Blake Crouch's Run

Run - Blake Crouch

For fans of Stephen King, Dean Koontz, and Thomas Harris, picture this: a landscape of American genocide...

5 D A Y S A G O
A rash of bizarre murders swept the country…
Senseless. Brutal. Seemingly unconnected.
A cop walked into a nursing home and unloaded his weapons on elderly and staff alike.
A mass of school shootings.
Prison riots of unprecedented brutality.
Mind-boggling acts of violence in every state.

4 D A Y S A G O
The murders increased ten-fold…

3 D A Y S A G O
The President addressed the nation and begged for calm and peace…

2 D A Y S A G O
The killers began to mobilize…

All the power went out…

They’re reading the names of those to be killed on the Emergency Broadcast System. You are listening over the battery-powered radio on your kitchen table, and they’ve just read yours.

Your name is Jack Colclough. You have a wife, a daughter, and a young son. You live in Albuquerque, New Mexico. People are coming to your house to kill you and your family. You don’t know why, but you don’t have time to think about that any more.

You only have time to….


This 80,000-word novel also contains a bonus interview with Blake, and excerpts from his other work. [ synopsis from goodreads ]



I just really, really don't know what to do with this book. And, unfortunately, this review will probably be a mess because of it. So, *cracks knuckles* proceed with caution, I guess.

So let me preface this by saying that Blake Crouch is one of my absolute, hands down, all time favorite authors. I have read almost all of his books and have loved each and every one of them.

Except this one.

It's probably for my own stupid reasons too. I've always, always, alWAYS had a problem with zombies. (This is by no means a zombie novel but hear me out for a second. I'm going somewhere with this.) As a deep lover of all things horror, it has always bugged me that I just generally don't love zombies. But there's something about a world that is so completely and totally gone that makes me wonder why anyone would want to survive in it?? Why do people in zombie movies try so hard to survive? What is left for them? Eventually there will be no where left to run. There's already no home to get back to. Food runs out. Gas runs out. There's danger at every turn. What are you running to? Why? What is left to survive for? These are all the questions I have never been able to answer. These are the reasons why I avoided zombie movies for years. Though I did, eventually, find a few good ones and change my views a bit. But the fact still remains that I absolutely, 100% do NOT identify with people trying to survive in zombie movies.

And about 90% of this book is in the same strain as a zombie novel.

So that is probably the big, cosmic reason why I never connected with this book. I couldn't understand why they were so intent on running. On staying alive. On surviving. What was there left for them? Why would fighting for survival change anything? Why would living be better than dying? It would've saved a lot of heartache, that's for sure.

I have never been one to fantasize about being the last person left on earth. I have never been one who dreams of rebuilding the future. I would rather be one of the dead ones.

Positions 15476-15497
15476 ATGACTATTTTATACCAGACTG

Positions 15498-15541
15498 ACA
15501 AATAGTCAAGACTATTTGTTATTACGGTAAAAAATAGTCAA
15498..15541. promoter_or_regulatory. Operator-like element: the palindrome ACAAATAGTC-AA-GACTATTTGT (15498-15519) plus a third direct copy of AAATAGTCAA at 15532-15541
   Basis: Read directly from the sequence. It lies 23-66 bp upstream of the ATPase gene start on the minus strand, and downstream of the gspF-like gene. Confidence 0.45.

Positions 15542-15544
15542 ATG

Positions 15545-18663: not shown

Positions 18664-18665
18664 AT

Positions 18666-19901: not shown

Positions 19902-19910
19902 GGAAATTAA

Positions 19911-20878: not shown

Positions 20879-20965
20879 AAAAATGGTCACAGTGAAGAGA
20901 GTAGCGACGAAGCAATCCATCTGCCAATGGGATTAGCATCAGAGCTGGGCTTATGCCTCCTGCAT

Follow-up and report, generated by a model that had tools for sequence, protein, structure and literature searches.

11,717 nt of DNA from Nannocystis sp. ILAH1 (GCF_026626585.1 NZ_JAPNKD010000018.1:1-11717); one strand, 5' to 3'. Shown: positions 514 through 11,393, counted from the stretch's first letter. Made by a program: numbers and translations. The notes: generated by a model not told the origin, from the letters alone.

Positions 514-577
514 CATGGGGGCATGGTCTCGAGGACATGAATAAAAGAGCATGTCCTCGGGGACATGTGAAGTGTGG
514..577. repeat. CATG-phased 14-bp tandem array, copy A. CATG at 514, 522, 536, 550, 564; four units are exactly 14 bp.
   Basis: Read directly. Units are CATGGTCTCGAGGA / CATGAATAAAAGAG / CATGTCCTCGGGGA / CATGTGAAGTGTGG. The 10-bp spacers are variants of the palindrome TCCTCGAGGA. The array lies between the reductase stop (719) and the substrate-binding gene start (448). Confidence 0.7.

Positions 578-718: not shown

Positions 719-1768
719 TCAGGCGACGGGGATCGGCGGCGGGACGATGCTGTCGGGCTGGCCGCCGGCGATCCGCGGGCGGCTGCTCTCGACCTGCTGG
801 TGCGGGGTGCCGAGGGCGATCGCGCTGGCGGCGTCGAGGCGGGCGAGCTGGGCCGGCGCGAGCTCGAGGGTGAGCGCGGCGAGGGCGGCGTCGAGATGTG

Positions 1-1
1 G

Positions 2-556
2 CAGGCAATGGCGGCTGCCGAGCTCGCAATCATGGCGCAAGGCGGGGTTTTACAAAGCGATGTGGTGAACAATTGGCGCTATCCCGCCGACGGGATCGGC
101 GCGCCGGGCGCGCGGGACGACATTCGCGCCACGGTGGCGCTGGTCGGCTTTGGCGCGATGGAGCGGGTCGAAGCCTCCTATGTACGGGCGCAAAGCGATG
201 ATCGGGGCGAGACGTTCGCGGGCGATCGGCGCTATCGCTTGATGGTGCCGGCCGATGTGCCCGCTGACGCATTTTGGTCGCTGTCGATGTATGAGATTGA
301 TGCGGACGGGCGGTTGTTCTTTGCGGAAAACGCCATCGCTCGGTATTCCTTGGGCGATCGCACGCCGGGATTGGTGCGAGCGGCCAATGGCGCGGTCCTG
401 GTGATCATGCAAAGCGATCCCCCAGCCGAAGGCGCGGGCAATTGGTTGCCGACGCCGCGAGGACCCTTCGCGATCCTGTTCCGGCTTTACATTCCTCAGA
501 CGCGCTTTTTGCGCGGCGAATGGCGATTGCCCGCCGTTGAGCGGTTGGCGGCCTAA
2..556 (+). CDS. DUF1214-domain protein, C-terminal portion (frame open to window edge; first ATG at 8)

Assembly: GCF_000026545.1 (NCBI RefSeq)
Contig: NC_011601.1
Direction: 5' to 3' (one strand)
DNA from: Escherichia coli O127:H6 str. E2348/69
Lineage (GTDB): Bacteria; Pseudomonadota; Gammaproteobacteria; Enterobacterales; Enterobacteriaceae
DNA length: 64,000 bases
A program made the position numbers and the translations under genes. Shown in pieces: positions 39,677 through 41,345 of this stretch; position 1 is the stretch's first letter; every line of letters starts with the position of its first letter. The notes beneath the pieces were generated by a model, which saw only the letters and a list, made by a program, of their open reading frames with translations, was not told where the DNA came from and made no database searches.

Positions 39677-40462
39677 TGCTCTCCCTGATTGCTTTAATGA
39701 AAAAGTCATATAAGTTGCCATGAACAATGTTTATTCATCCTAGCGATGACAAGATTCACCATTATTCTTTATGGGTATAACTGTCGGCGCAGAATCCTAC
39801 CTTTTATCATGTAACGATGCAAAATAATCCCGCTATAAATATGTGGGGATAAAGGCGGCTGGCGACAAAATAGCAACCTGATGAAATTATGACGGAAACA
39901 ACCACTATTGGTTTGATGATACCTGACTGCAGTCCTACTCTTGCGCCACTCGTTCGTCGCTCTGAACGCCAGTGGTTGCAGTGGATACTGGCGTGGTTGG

... Okay I'll stop being depressing now and actually talk about this book.

So I don't even know when I started this book. It was back in August or October or something. And in that time until now, I only made about it about halfway through. I just couldn't do it. But after that halfway point, it did start to interest me more. A few things happened that helped me invest more in the story. And I did end up liking the ending so that made it all worth it, I suppose.

The problem was that I also never really connected with the characters either? Until the end, at least. But for a big chunk there I didn't really care what happened to any of them. But then when backstory started happening then I did find myself wanting them to survive and find some sort of peace. I also really enjoyed Dee and Jack's relationship and how it progressed throughout the novel. And I didn't realize that I actually liked their relationship (or more that it was progressing and I was enjoying watching it progress) until the end. It really snuck up on me.

But everything that I genuinely love about Crouch novels was all present. The short sentences and chapters. And the action! All of those things were present, accounted for and the usual amount of amazing. It was just the overall story that I wasn't that fond of. (Which was all me.)

But, in the end, the explanation of what had happened and why it happened was nothing short of brilliant. It definitely did make the look back on this novel really wonderful. And the writing in this novel was, as always, amazing. You really felt like you were experiencing all the things that Dee, Jack and the kids were experiencing (which is great from a writing standpoint but really, really bad for people like me who was like "wHY ARE YOU PUTTING YOURSELF THROUGH THIS STARVING TO DEATH BUSINESS?!?!").

So, in all, I did like this book more once I got to the latter half and then reached the ending. But I did have a lot of trouble with it initially and, therefore, don't exactly look back on the experience fondly. I'm mostly just glad to be done and moving on to other things. But I am glad to have read it. I just know that there are other Crouch books I prefer more than this one.

(Anyway, sorry this is such a mess??? But hopefully it's a slightly helpful mess?? And my dates on this one seem like I read this in the span of a few days but it was actually MONTHS I just can't remember how many months and didn't feel like guessing. So here have a disclaimer.)


review originally posted on goodreads